- GLDI offers investors a high yielding way to get long gold
- GLDI appears to have bottomed at $13.50, offering a great entry point at present
- Trailing yield of 11%+ more than mitigates limited upside
Many people love the idea of investing in gold (NYSEARCA:GLD) and other precious metals. While I won't attempt to explain why that is, the main problem for a lot of investors is that precious metals don't produce earnings, pay a dividend and the like. Thus, a lot of investors are turned off by the prospect of simply owning gold. However, there is a better way and in this article, we'll take a look at an ETN provided by Credit Suisse that not only allows investors to get long gold, but do so at reduced risk and receive a gigantic yield in the process.
The Gold Shares Covered Call ETN (NASDAQ:GLDI) is an exchanged traded product that basically invests in the GLD ETF that is so popular but does so by getting long GLD shares and then selling out of the money calls against the position. In other words, by owning GLDI you are long GLD but with the reduced risk (and potential reward) of selling calls against the position. This means that you lose the uncapped upside of simply owning GLD but you also experience less overall risk because in a sideways or down gold market, GLDI will outperform GLD on a total return basis. The only reason GLD would outperform GLDI is if gold has a sustained uptrend over a period of time. Otherwise, I feel GLDI is the much better option given GLD's volatile price action over the past couple of years.
The horrendous chart below represents the terrible market that has persisted for gold longs over the past year.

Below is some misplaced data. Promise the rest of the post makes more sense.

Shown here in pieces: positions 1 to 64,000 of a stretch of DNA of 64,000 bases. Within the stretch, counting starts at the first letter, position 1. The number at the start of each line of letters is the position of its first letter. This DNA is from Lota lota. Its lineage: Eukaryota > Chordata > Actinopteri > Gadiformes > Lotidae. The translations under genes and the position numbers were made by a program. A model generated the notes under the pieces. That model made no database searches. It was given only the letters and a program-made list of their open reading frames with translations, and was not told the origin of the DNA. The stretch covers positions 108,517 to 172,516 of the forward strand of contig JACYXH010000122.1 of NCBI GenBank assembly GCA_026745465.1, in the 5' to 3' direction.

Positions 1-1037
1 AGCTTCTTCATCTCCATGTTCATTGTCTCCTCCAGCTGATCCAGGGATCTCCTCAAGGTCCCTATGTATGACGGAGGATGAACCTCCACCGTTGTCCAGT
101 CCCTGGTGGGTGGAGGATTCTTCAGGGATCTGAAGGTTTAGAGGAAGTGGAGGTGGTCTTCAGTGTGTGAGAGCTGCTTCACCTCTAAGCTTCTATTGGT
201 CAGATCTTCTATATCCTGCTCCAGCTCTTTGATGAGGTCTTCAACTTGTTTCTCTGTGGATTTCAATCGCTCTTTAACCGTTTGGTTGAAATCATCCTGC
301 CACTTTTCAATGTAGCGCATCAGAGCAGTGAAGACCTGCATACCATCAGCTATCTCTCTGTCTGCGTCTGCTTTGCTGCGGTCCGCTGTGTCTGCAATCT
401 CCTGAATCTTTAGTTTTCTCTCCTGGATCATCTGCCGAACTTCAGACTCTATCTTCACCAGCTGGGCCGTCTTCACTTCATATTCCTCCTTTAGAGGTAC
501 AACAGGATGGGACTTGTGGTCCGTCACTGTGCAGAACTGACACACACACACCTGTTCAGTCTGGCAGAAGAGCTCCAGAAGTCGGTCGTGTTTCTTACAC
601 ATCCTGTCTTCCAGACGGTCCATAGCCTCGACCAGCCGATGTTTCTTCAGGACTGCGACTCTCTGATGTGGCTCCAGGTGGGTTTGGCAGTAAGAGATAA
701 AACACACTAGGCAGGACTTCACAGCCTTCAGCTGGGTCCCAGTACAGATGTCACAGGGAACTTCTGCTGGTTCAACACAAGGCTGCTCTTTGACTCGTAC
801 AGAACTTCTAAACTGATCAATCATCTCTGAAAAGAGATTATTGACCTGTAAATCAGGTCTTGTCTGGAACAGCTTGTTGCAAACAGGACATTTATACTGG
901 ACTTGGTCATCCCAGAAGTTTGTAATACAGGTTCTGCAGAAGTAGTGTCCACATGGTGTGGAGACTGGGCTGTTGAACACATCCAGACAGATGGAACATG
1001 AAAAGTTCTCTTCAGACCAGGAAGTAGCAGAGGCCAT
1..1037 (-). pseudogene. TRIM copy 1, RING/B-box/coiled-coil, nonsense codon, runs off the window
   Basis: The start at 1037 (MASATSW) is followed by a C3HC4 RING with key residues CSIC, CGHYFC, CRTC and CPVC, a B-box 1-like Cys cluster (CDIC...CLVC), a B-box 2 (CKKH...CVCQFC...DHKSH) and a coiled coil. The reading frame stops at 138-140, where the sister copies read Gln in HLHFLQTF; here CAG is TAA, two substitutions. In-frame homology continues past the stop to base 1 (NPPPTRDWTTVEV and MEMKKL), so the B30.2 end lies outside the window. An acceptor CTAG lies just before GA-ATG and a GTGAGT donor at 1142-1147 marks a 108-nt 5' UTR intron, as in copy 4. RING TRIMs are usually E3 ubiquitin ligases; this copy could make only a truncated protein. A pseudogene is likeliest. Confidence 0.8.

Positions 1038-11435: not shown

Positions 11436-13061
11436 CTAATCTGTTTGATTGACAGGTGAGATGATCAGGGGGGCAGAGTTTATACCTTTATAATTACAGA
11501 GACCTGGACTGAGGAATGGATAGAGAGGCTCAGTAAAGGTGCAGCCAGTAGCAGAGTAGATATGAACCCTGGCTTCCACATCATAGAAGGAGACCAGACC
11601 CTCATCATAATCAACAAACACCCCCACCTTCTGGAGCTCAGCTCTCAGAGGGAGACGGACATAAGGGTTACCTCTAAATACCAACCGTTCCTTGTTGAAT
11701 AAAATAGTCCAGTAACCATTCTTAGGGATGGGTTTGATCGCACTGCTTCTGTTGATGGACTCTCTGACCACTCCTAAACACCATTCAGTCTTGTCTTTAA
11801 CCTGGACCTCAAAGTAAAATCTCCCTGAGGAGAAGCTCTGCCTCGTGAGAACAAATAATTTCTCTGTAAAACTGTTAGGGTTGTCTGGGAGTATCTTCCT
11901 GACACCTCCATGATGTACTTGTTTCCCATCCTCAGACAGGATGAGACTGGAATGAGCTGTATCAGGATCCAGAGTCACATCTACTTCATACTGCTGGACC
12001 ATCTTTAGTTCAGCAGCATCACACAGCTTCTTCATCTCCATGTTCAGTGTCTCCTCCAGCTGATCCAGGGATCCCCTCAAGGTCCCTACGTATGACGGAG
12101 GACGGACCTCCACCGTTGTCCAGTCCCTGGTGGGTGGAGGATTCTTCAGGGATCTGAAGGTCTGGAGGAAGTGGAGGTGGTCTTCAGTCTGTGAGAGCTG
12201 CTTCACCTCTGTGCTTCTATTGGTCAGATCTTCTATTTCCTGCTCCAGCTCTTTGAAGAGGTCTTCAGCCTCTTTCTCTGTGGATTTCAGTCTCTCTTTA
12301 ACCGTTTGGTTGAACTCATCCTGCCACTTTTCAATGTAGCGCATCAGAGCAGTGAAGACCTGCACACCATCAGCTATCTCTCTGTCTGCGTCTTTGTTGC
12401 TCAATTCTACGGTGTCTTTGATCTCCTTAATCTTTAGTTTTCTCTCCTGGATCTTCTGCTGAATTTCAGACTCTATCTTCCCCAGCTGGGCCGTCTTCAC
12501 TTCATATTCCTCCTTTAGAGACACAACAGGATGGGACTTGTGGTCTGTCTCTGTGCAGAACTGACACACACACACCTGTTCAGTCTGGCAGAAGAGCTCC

As you can see, GLDI holders have been pummeled right alongside those holding GLD shares. However, it looks like GLDI has put in a double bottom around the $13.50 level and has rebounded hard off of that number, which was last touched in December. Thus, I think current prices represent a good entry point for investors looking to get long gold while collecting a yield.
Make no mistake, there are times that GLD is going to outperform GLDI but they are two completely different investment vehicles. GLD is for investors that think GLD is going to go straight up while GLDI is for yield hunters and those that think GLD may have bottomed late last year but don't think GLD is in for a screaming bull market. If GLD goes straight up, you'll probably wish you owned GLD instead of GLDI. However, if that doesn't happen, GLDI will likely end up being the better choice.
Speaking of the yield, GLDI produces monthly income, instead of the traditional quarterly distributions, that vary based upon how much income the calls that are sold produced. As such, it is impossible to tell exactly what the distribution will be for a particular month but the past gives us some indication of what the future could hold. In the past twelve months GLDI has made cumulative monthly distributions of $1.70 per share, or roughly 14.2 cents per share per month. At the current price of $14.64 that is good for a trailing yield of a whopping 11.6%! Imagine getting long gold and receiving an 11%+ yield in the process. This is why I believe GLDI to be a terrific vehicle for those who think GLD has put in a bottom and want some income in the process. Of course, there is no way tell what the next 12 distributions will be for GLDI but it should be similar to the previous 12.
GLDI is not for everyone but for those looking for hedged exposure to GLD, it can be a great choice. In fact, you don't even need to believe in GLD's bottoming process in order to take advantage of GLDI's huge income stream. Not only is the yield enormous but it pays you each month instead of each quarter. This is an ideal mix of yield and distribution frequency and it allows you to collect that yield on an instrument with no earnings or liquidity risk like a business would have. GLDI could be a great addition to your income portfolio but make sure you read the information linked above before pulling the trigger.
Disclosure: I am long GLDI. I wrote this article myself, and it expresses my own opinions. I am not receiving compensation for it (other than from Seeking Alpha). I have no business relationship with any company whose stock is mentioned in this article.